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What Happens if I Get Married During My Bankruptcy Case?

Getting married can be one of the greatest blessings in life. However, it can sometimes create a negative effect on getting relief in a Chapter 7 or Chapter 13 bankruptcy case.  Getting married during the middle of a bankruptcy case can potentially alter what is required to achieve debt relief in bankruptcy. 

Getting Married During the Middle of Chapter 7 Bankruptcy

If you get married after your Chapter 7 bankruptcy case is filed but before you receive the discharge, there is usually no changes in requirements for your case. Although Chapter 7 bankruptcy does look at the total household to determine available income, Chapter 7 debt relief is usually unaffected by a brand new marriage because it your case is completed in a very short period of time. The total case only usually takes 4 to 5 months from the date of filing to the date of discharge.  Therefore, a new marriage in this short time period may not be taken greatly into consideration.   

Getting married in the middle of your Chapter 7 case usually will not affect the outcome. In chapter 7, the court usually considers all past debts to be dischargable in the case.  Chapter 7 looks more into the past than the future in most aspects.  There is not a substantial look forward into the financial capacity of the debtor’s household like in Chapter 13.   Although the Courts could hold you responsible to pay part of your debts through your new spouse’s future income contributions, this is not how it usually plays out during the fresh-start type system of Chapter 7.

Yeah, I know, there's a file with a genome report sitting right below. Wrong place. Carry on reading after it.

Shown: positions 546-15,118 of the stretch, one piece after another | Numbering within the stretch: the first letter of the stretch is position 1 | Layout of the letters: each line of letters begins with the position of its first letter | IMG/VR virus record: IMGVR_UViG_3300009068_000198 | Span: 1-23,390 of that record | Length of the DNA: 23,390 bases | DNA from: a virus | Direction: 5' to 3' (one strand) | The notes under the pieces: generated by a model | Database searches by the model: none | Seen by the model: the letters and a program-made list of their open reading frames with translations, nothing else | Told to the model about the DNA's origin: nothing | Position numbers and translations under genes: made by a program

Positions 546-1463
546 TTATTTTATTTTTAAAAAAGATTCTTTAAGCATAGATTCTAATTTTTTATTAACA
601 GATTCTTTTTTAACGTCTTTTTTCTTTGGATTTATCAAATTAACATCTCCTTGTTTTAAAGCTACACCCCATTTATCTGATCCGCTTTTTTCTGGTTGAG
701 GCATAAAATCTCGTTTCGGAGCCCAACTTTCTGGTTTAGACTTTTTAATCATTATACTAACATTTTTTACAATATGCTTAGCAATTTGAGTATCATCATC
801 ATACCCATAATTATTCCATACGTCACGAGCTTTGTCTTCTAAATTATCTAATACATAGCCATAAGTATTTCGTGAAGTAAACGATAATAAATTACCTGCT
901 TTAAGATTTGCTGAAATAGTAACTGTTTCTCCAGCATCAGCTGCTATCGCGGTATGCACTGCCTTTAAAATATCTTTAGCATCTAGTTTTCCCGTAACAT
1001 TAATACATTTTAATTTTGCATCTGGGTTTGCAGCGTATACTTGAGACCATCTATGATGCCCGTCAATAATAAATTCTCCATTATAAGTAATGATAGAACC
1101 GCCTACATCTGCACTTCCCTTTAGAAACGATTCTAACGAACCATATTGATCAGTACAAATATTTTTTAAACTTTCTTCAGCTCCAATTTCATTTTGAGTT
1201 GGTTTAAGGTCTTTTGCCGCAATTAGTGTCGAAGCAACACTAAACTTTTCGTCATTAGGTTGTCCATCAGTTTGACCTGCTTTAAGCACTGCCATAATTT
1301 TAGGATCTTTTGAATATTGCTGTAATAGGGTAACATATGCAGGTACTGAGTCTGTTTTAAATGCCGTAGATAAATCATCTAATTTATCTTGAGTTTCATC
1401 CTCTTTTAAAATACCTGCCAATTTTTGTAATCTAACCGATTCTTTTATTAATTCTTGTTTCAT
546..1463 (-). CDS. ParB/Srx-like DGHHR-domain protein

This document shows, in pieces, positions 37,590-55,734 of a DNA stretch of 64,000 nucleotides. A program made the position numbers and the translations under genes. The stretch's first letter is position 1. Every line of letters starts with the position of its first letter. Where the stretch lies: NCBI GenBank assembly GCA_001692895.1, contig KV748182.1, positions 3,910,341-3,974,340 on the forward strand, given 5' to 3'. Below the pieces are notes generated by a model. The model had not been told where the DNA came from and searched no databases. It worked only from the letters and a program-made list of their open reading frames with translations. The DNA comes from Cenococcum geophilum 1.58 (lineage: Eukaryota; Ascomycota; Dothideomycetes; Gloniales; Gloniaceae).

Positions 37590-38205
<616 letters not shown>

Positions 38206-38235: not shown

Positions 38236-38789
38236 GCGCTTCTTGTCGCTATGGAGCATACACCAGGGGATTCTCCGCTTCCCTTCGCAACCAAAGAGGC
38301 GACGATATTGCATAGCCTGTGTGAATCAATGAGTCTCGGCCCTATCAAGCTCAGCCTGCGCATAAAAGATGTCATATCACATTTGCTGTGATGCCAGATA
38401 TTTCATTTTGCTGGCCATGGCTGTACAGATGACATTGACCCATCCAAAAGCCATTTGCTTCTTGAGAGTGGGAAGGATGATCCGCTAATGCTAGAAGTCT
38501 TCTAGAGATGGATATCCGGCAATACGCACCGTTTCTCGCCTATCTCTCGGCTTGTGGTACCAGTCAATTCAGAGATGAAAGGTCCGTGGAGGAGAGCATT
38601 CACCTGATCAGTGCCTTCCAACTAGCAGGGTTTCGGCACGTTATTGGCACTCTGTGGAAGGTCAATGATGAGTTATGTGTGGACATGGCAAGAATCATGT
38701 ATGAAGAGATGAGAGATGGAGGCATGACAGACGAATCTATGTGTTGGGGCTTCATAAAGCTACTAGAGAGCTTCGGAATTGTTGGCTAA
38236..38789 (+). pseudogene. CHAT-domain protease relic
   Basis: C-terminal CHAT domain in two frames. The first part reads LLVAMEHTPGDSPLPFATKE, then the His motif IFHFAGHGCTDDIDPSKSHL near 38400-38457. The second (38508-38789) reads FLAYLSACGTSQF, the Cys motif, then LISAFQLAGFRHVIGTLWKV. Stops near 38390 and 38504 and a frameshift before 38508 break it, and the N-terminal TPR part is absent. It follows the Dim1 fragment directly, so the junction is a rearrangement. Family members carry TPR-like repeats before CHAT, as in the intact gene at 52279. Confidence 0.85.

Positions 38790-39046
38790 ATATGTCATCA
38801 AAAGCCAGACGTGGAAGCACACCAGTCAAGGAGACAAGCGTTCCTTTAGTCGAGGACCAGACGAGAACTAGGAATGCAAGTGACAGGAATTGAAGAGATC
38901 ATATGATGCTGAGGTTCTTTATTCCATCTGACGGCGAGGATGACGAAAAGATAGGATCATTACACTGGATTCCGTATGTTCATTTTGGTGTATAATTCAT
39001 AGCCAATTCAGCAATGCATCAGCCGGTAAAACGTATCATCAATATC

Getting Married During the Middle of a Chapter 13 Case

Getting married during the middle of a chapter 13 case can have a greater impact on what repayment requirements you must follow during your Chapter 13 plan. Although the court may vary on how it treats a new marriage situation from case to case, generally the rule is that your total household income and expenses determine how much of your debts you must repay during your Chapter 13. Therefore, it is possible in some situations that you will be required to pay a higher payment if you get married during your Chapter 13 case.